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Friends are Good for Your Health

One thing that many caregivers endure is stress. Stress from worry, from fatigue, from trying to meet the everyday demands of caregiving. Recent studies have shown that just being around friends at some point during a negative period where you feel you’re at your wit’s end can actually reduce stress. A study published in the Journal of Psychology, found that children aged 10 - 13 who spent time with friends during a negative period had lower levels of cortisol, an indicator of stress, in their saliva. In fact, their levels were lower than even when they spent time during this period with a family member, such as a sibling or a parent, or even a teacher.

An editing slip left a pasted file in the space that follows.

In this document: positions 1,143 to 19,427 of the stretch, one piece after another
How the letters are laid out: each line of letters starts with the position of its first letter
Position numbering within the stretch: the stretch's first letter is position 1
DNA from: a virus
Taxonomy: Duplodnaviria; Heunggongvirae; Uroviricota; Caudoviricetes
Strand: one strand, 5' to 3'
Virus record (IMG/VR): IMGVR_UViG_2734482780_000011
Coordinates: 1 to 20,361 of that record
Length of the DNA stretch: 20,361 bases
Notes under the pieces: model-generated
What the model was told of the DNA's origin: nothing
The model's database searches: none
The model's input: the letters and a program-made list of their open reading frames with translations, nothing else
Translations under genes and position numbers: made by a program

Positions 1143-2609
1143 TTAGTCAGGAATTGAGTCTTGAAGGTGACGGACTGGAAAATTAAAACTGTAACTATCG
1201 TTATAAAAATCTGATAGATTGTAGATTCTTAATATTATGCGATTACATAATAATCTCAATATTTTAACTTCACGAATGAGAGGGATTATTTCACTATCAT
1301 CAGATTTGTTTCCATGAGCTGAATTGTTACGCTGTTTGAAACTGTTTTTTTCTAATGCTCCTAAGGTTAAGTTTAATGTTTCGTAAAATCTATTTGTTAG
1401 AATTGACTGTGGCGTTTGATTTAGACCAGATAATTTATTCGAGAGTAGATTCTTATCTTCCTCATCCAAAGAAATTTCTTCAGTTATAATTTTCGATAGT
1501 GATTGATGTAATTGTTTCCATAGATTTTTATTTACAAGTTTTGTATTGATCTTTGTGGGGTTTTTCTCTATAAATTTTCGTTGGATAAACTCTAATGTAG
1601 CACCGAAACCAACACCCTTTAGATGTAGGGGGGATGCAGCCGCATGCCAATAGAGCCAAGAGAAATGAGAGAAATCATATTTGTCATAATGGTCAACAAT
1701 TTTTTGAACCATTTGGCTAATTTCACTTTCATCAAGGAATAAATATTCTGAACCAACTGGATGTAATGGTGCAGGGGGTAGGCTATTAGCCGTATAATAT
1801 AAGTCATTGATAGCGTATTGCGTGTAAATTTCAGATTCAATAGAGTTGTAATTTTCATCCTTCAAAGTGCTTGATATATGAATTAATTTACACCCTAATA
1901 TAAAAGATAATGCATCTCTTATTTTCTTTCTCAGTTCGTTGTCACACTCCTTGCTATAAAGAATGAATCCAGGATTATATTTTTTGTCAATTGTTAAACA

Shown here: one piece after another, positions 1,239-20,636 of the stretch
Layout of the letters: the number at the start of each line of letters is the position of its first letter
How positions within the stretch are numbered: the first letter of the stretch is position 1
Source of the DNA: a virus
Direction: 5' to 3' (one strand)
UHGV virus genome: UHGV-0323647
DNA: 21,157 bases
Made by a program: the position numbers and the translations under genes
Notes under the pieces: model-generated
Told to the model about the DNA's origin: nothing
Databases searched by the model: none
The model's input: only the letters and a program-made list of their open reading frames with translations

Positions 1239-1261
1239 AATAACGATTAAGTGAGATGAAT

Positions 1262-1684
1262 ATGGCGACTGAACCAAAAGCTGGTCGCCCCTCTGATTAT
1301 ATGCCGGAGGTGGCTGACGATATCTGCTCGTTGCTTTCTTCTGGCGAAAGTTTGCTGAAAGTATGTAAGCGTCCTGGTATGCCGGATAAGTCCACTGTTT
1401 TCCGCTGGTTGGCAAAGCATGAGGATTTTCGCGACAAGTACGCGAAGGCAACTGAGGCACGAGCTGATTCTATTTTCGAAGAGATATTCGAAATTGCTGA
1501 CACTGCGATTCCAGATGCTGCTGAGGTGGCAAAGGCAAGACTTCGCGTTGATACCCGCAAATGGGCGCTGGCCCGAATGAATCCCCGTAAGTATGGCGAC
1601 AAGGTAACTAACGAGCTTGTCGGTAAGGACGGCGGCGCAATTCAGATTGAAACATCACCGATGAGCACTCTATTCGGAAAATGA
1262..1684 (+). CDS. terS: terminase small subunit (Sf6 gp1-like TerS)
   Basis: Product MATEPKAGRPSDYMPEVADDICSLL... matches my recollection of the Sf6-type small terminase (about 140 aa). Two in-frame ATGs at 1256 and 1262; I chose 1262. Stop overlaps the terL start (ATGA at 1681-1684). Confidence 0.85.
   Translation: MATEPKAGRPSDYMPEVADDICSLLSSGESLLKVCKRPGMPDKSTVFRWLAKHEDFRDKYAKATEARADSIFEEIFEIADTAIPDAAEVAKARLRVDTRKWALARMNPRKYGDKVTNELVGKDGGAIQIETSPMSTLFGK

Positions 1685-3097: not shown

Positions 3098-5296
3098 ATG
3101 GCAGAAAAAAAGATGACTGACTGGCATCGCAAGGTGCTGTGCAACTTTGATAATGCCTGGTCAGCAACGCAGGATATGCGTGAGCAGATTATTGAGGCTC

Research has shown over and over that having strong social networks can greatly improve your mental well being and reduce the medical effects of stress. Having a good friend to talk to when you’re drowning in stormy seas can help get you back into calm waters and diminish your feeling of being overwhelmed. And children, adults, and men and women all benefit equally from having good friends.

According to The American Institute of Stress, around 3 in 4 doctors' visits are a result of stress-related illness, and stress is the basic cause of 60% of all human illness and disease. So to maintain your health, having a tight circle of good friends is one of the best ways to manage stress, for everyone.

With so much on your plate it’s easy to fall into the trap of feeling down on yourself and the world at large. You can reverse this thinking process by calling upon your friends for support. They will feel good for being there for you and you will feel good about yourself.

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